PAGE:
Woodchip mill sale

NO wonder that the state opposition politicians and the enviro- fundamentalists are whinging about an enquiry into the Triabunna woodchip mill sale.

It is on the public record that the sale, and subsequent sacrifice, of the Triabunna woodchip mill was a key factor in the Labor-Green state government’s alleged “Forest Peace Deal”.

It was announced in July 2011 by co-buyers Jan Cameron and Graeme Wood that the mill’s long- term future “will be as a tourism destination”.

At the time one of the buyers, Mr Wood, had been under media scrutiny after he gave $1.6 million to the Greens in the previous election campaign.

Sensing trouble, the Forest Industries Association of Tasmania said the purchase of the Triabunna mill had created confusion, and that without its continuation, the “Peace Deal” would have no standing.

Just one month earlier, in June 2011, it was announced that the Triabunna woodchip mill had been bought by Fibre Plus Tasmania, a subsidiary company of the Bridgewater-based transport business Aprin Pty Ltd.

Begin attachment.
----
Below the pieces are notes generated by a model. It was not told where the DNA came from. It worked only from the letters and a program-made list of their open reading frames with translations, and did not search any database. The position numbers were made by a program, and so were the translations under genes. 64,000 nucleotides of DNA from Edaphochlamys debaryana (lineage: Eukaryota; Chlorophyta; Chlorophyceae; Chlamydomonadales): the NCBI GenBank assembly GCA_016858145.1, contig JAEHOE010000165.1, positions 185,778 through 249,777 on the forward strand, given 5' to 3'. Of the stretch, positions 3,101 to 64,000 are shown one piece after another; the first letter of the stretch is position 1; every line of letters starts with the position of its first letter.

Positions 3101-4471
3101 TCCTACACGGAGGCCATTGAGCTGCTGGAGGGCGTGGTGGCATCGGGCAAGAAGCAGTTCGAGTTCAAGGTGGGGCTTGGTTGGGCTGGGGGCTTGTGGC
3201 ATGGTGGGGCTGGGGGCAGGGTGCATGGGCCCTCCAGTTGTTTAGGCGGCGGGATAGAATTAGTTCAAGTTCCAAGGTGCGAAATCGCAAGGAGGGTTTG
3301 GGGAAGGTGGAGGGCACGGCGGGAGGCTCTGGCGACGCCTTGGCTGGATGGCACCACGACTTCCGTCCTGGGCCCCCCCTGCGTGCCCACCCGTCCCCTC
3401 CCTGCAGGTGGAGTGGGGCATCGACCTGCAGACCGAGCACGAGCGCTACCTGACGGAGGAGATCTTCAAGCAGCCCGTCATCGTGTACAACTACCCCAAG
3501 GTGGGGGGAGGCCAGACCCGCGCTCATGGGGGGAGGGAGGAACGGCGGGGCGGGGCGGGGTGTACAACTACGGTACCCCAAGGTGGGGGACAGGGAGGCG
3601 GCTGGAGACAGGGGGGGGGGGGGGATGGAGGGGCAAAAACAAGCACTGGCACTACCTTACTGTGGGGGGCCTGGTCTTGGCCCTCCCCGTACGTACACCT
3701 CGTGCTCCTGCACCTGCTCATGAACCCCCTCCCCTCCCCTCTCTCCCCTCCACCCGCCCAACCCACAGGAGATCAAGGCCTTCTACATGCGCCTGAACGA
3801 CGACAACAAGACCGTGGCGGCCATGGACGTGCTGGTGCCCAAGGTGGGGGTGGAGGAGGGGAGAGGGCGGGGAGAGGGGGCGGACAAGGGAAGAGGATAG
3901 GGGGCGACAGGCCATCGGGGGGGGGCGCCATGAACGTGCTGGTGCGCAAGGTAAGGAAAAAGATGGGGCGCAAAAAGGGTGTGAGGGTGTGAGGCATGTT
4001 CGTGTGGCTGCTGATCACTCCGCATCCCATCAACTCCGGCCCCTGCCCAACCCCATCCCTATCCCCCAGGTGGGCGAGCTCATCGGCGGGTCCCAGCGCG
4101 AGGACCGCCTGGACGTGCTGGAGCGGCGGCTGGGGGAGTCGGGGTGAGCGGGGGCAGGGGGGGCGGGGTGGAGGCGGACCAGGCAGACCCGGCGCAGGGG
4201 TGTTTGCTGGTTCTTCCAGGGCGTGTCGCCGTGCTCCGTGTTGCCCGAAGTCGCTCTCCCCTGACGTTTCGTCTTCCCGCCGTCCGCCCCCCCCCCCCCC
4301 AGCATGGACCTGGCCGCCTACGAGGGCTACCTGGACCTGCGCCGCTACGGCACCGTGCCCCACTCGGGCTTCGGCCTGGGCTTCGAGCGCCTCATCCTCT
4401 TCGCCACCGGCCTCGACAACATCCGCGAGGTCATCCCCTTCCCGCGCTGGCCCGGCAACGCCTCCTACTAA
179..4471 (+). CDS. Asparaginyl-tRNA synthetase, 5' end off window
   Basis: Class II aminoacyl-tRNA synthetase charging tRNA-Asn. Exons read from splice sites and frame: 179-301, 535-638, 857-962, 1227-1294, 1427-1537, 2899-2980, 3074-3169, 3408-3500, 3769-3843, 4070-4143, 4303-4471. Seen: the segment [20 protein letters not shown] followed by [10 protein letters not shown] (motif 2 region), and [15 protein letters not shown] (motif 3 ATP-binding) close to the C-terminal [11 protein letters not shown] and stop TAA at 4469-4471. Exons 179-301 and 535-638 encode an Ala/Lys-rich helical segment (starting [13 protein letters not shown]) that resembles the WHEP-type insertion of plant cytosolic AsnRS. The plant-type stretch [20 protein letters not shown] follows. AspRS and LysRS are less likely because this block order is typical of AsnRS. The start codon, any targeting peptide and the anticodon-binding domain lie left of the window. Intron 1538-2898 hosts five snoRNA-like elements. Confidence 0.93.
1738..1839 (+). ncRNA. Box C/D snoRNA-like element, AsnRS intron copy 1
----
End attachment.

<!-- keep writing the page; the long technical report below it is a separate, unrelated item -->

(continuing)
When news of the purchase by Mr Wood and Ms Cameron was broken on ABC radio it was to the amazement of the gazumped buyer, the O’Connor family’s Fibre Plus, because Gunns had now sold the mill to Wood and Cameron for $6 million less than what Fibre Plus had already agreed to pay.

However, the Fibre Plus spokesman did note that there was uncertainty about a clause that Gunns had added into its contract to sell the Triabunna woodchip mill, relating to the “Principles of Agreements” statement that had been negotiated.

To any discerning observer it would appear that Gunns and the Giddings’ Labor-Green government knowingly sacrificed the Triabunna mill in desperation to save the doomed pulp mill and peace deal projects.

If you haven’t thrown out your old newspapers I suggest that you read them again.


This story Administrator ready to work first appeared on Nanjing Night Net.